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Just a thought...CNC vs. Manual...

michael.kitko

Cast Iron
Joined
Oct 30, 2012
Location
Gales Ferry, CT USA
I ran across this video today on YouTube and must admit, I was a little shocked by the bias in it. I get that CNC is faster in a production setting and sometimes faster in a one-off part setting, given the complexity of the part, but this was not a very good example of the speed at which a manual machinist can move. Just for example, the whole part in this video could have been done in an X-Y table on a milling machine, just like the CNC machine. Definitely not trying to stir up a hornet's nest, but again, it was a very bad example of manual machining.

 

eKretz

Diamond; Mod Squad
Joined
Mar 27, 2005
Location
Northwest Indiana, USA
Sorry, that dude is about 2nd or 3rd year apprentice level in my book, if that. First on the setup: that should have been set up with a pilot on the aluminum baseplate that centered that part rather than dicking around aligning it visually. Also should have used an indexer rather than a rotary table - there is no reason to do the round work on the rotary instead of the lathe - where the part had obviously already been as it had been bored. Alternatively, could have milled both the pilot and the part on the indexer by just barring it around. He then blew the radius calculation and cut the radius at .993" instead of 1.00". Also I've never seen a boring head used with that much stickout on a small shank diameter like that. Shooting himself in the foot repeatedly.
 

doug8cat

Titanium
Joined
Jul 10, 2008
Location
Philadelphia
I get it ,I run a Lancer 2000 VMC 95% of time 70-80% of the time 2-40 production parts. The remainder I could do on a bridgeport style mill with DRO much faster and with much more ease. Guess it comes down to how many machines you are willing to have and type / size of parts you usally run.
 

michael.kitko

Cast Iron
Joined
Oct 30, 2012
Location
Gales Ferry, CT USA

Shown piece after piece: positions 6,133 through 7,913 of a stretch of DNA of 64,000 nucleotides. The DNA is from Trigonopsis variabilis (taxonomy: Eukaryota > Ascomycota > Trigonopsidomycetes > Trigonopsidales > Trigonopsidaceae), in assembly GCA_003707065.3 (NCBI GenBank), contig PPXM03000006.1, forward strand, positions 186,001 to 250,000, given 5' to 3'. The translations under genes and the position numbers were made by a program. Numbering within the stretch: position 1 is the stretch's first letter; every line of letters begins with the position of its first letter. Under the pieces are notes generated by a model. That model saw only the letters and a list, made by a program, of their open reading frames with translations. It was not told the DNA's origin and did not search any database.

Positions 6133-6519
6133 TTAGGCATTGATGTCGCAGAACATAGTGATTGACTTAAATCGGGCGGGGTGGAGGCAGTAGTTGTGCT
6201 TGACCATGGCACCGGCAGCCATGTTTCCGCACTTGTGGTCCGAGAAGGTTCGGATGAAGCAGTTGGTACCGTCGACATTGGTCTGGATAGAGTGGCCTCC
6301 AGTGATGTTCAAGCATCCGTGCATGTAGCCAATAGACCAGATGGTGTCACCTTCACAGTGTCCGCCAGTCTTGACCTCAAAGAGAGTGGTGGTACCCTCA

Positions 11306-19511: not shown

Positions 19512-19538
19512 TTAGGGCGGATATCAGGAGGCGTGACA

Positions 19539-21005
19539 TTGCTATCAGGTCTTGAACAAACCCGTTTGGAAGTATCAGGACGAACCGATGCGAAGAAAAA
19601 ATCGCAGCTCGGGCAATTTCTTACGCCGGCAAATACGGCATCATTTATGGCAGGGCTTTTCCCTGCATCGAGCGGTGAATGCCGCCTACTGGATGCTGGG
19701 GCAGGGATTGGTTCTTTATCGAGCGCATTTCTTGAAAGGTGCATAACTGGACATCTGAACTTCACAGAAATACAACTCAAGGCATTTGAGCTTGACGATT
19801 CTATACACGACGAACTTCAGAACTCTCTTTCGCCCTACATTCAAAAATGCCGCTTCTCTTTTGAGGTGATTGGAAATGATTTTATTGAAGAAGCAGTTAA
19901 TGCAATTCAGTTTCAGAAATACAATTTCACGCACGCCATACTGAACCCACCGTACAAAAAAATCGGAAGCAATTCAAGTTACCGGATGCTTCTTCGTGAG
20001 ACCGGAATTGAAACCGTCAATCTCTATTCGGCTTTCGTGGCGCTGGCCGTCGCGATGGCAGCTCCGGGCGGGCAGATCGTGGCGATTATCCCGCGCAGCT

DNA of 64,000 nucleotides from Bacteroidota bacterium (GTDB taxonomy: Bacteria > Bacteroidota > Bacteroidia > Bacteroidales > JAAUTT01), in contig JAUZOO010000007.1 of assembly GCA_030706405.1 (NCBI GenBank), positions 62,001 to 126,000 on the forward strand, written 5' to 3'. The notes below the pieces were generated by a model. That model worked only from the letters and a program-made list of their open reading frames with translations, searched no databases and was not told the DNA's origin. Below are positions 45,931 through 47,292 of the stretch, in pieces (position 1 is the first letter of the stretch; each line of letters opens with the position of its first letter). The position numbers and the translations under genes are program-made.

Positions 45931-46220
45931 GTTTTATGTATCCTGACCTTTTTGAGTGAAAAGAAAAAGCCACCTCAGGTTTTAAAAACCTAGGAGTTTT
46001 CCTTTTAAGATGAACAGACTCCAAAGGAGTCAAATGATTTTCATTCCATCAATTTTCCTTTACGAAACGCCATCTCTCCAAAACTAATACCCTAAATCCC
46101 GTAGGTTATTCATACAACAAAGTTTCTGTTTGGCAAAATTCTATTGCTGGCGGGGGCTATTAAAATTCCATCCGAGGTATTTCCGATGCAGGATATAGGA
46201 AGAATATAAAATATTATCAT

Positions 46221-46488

Thanks for the comments back on this post, I was just hoping I wasn't the only one that thought that this was a terrible example of the differences.

I had to laugh at the escalator comment above, I liked that.
 

michiganbuck

Diamond
Joined
Jun 28, 2012
Location
Mt Clemens, Michigan 48035
Analogy of CNC to Manual:
CNC: you use an elevator to move between floors.
Manual: you use a staircase to move between floors.
Manual using digital readouts: you use an escalator next to the staircase to move between floors.
Good analogy rons:
The extraordinary initial cost and maintenance of an elevator or escalator would never be justified for a few people, or infrequent going from floor to floor
A staircase would not be adequate for many people or for frequent or delicate objects transport but may be justified for when the elevator is down.

Trying to justify one to the other is like saying what is best a race car, a bus, or a wheelbarrow for this task.
 
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gustafson

Diamond
Joined
Sep 4, 2002
Location
People's Republic
Right, turn the round part in the lathe
Bolt it to a fixture in a vise[which is a freshly drilled hole, no indicator needed
calculate the hole center locations for the reliefs[there are only 3 X+ and - being mirrored]
actually only 2 as Y is mirrored also
actually only one as the drawing is going to give you one on axis dimension
 

Thunderjet

Hot Rolled
Joined
Jun 24, 2019
If all you have is a computer geek with a drill index and a Chinese digital caliper, you need to buy a $100,000.00 machine to make your parts.

If you have a real machinist, or better yet a Journeyman T&D maker, you need a $2000.00 Bridgey and a few accoutrements.

Tough decision.
 

GregSY

Diamond
Joined
Jan 1, 2005
Location
Houston